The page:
Graphic novels take top prizes at Taipei book fair awards

Taipei, Two graphic novels about a man in a psychiatric hospital and the daily lives of nine women in Taipei won top prizes at the 2021 Taipei International Book Exhibition (TIBE) Book Prize on Tuesday, the first time graphic novels have won in the fiction and non-fiction categories.
The graphic novel “A Trip to Asylum” by Pam Pam Liu is set in the 1990s, and follows a man as he is admitted to and eventually released from a psychiatric hospital.
At the awards ceremony, Liu said the story is one she thought about for more than 10 years and was inspired by news and books she read, as well as her own childhood.
“Because I am writing about things that happened when I was a child, I wanted to use the perspective I had back then to supplement the narrative of the book,” she said, referring to her choice of having some chapters in the book narrated by the man’s young niece.
Other winners in the fiction category were “Hsun Chin Che” (尋琴者) by Kuo Chiang-sheng (郭強生), about a piano tuner who meets the widower of a deceased pianist, and “Hsiu Chin, Che Ke Ai Hsiao Te Nu Hai” (秀琴,這個愛笑的女孩), written by renowned Taiwanese writer Huang Chun-ming (黃春明).
Meanwhile, “For the Time Being,” which is Taiwanese artist Chen Pei-hsiu’s (陳沛珛) first graphic novel, was one of three winners in the non-fiction category.
The book is the first graphic novel to win the non-fiction prize.
Chen said it is about the ordinary lives of nine women who live in Taipei, focuses on “trivial details,” and she was surprised that so many people enjoyed it.
Another winner in the non-fiction category was “Darkness Under the Sun” by Hong Kong writer Hon Lai-chu (韓麗珠), which details the author’s reflections about mass protests in the territory in 2019, a subject Hon said took up most of her energy and focus that year.
In a pre-recorded message, Hon thanked Taiwan’s publishing industry, which she described as a place that still has freedom and welcomes literature from many different places.
She also gave thanks to the role that writing and literature has played in her life. “Even if I encounter setbacks, cruelty, or even disaster, as long as I can write them down, they have meaning.”
The final winner in the non-fiction category was “Kuei Tui Mo” (鬼推磨) by Su Xiaokang (蘇曉康), which analyzes changes in China’s economy and politics over the past 30 years.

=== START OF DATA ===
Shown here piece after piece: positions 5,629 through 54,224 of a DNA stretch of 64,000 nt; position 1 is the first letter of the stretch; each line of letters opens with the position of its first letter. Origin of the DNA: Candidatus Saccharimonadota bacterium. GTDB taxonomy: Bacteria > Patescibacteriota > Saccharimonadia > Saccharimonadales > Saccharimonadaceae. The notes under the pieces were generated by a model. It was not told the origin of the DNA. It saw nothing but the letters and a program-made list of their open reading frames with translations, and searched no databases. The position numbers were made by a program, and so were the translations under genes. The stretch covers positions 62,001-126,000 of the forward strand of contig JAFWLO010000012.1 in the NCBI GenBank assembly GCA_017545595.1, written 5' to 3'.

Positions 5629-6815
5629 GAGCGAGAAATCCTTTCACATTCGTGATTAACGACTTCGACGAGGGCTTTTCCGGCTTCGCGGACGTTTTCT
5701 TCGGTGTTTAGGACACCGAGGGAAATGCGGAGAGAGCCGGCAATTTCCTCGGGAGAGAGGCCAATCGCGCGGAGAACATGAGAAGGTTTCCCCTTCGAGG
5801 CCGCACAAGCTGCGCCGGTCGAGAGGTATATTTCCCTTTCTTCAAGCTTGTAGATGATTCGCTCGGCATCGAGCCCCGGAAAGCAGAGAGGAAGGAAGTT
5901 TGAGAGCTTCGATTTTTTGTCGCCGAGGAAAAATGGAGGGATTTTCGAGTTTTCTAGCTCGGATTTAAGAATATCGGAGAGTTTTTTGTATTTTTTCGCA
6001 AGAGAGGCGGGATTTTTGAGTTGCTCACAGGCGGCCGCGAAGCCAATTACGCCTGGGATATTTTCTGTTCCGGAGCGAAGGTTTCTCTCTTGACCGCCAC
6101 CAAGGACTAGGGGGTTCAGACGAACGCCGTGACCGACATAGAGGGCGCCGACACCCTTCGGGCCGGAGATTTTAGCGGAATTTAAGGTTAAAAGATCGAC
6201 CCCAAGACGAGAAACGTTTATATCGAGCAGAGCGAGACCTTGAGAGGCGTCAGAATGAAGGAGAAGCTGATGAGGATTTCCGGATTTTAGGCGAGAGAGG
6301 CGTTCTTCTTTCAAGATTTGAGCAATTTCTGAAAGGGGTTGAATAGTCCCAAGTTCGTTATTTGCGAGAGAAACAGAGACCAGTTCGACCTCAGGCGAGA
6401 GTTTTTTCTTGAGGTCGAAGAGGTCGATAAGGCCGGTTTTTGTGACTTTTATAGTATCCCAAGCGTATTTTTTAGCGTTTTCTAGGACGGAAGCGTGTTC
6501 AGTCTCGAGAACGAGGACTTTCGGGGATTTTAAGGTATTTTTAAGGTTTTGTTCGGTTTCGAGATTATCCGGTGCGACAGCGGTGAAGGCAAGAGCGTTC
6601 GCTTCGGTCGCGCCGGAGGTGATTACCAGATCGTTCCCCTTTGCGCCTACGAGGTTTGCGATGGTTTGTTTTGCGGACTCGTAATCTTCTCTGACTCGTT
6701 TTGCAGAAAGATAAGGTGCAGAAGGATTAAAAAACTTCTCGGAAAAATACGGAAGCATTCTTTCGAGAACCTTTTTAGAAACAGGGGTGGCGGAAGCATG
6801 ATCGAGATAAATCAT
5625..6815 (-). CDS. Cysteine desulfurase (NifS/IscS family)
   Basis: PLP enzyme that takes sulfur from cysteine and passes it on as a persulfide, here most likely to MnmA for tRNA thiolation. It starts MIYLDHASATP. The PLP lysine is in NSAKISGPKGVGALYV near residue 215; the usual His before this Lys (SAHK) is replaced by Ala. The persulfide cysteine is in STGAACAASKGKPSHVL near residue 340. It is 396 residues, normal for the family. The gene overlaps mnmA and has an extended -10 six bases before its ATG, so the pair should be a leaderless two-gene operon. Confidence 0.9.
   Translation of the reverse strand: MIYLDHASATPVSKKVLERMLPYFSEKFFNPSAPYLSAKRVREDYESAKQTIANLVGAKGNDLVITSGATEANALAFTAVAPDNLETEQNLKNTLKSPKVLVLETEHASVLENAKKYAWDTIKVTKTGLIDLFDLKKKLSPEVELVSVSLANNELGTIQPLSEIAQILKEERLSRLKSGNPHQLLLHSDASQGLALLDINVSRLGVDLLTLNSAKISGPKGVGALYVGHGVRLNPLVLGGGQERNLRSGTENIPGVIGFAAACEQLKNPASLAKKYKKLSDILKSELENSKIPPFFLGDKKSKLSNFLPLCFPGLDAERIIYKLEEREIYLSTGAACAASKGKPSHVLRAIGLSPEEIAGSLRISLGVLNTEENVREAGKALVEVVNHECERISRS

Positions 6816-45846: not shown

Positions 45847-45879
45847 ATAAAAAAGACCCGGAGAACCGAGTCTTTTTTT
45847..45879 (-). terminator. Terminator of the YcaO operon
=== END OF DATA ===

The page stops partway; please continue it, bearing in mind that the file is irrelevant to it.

Su, a Chinese writer who participated in the 1989 Tiananmen Square protests and now lives in exile in the United States, said in a pre-recorded acceptance speech that Taiwan is his “literary homeland”.
Su said he has published many books in Taiwan over the past 30 years, and is honored to have so many Taiwanese readers.
“Taiwan has been able to maintain the freedom of the Chinese word, because of the precondition that it is autonomous and independent,” he said, contrasting the freedom of speech and press enjoyed in Taiwan to that in China.
In the children and young adult category, the winners were picture book “Kingfisher” by Chiu Cheng-tsung (邱承宗), about the Kingfisher bird, and “Home” by Lin Lian-an (林廉恩), a series of images made from pieces of wrapping paper, advertisements and other waste paper that represent people’s imagination of home.
The first two books in the “Son of Formosa” series, by Yu Pei-yun (游珮芸) and Chou Chien-hsin (周見信), were also winners in this category.
The books detail the true story of Tsai Kun-lin (蔡焜霖) from growing up under Japanese rule in Taiwan, to being jailed during the White Terror period and working as a publisher in later life.
The TIBE Book Prize also honored the journalist Sherry Lee (李雪莉) for her work as editor of “Fiery Tides: The Hong Kong Anti-Extradition Movement and Its Impacts,” a collection of essays and reports about the titular protests.
There were 718 submissions to the 2021 TIBE Book Prize, which was a record, said Chen Ying-fang (陳瑩芳), head of the Department of Humanities and Publications under the Ministry of Culture, at the awards ceremony.
The range in types of books and the topics addressed in works submitted has grown over the years, which reflects Taiwan’s freedom of speech and the inclusiveness of our society, Chen said.
Also presented on Tuesday were the 2021 Golden Butterfly Awards, Taiwan’s most prestigious book design competition.
The gold award went to Hsia Yu (夏宇) and Hong Yi-chi (洪伊奇) for the poetry collection “Chi Chui Chih Chou” (脊椎之軸), while silver went to Kuo Yi-chiao (郭一樵) for the paper art collection “Paper Fields.”
Bronze went to Chen Kuan-ju’s (陳冠儒) “Passing Travelers of Time and Space,” a book of artworks inspired by the 24 Chinese solar terms.

Source: Focus Taiwan News Channel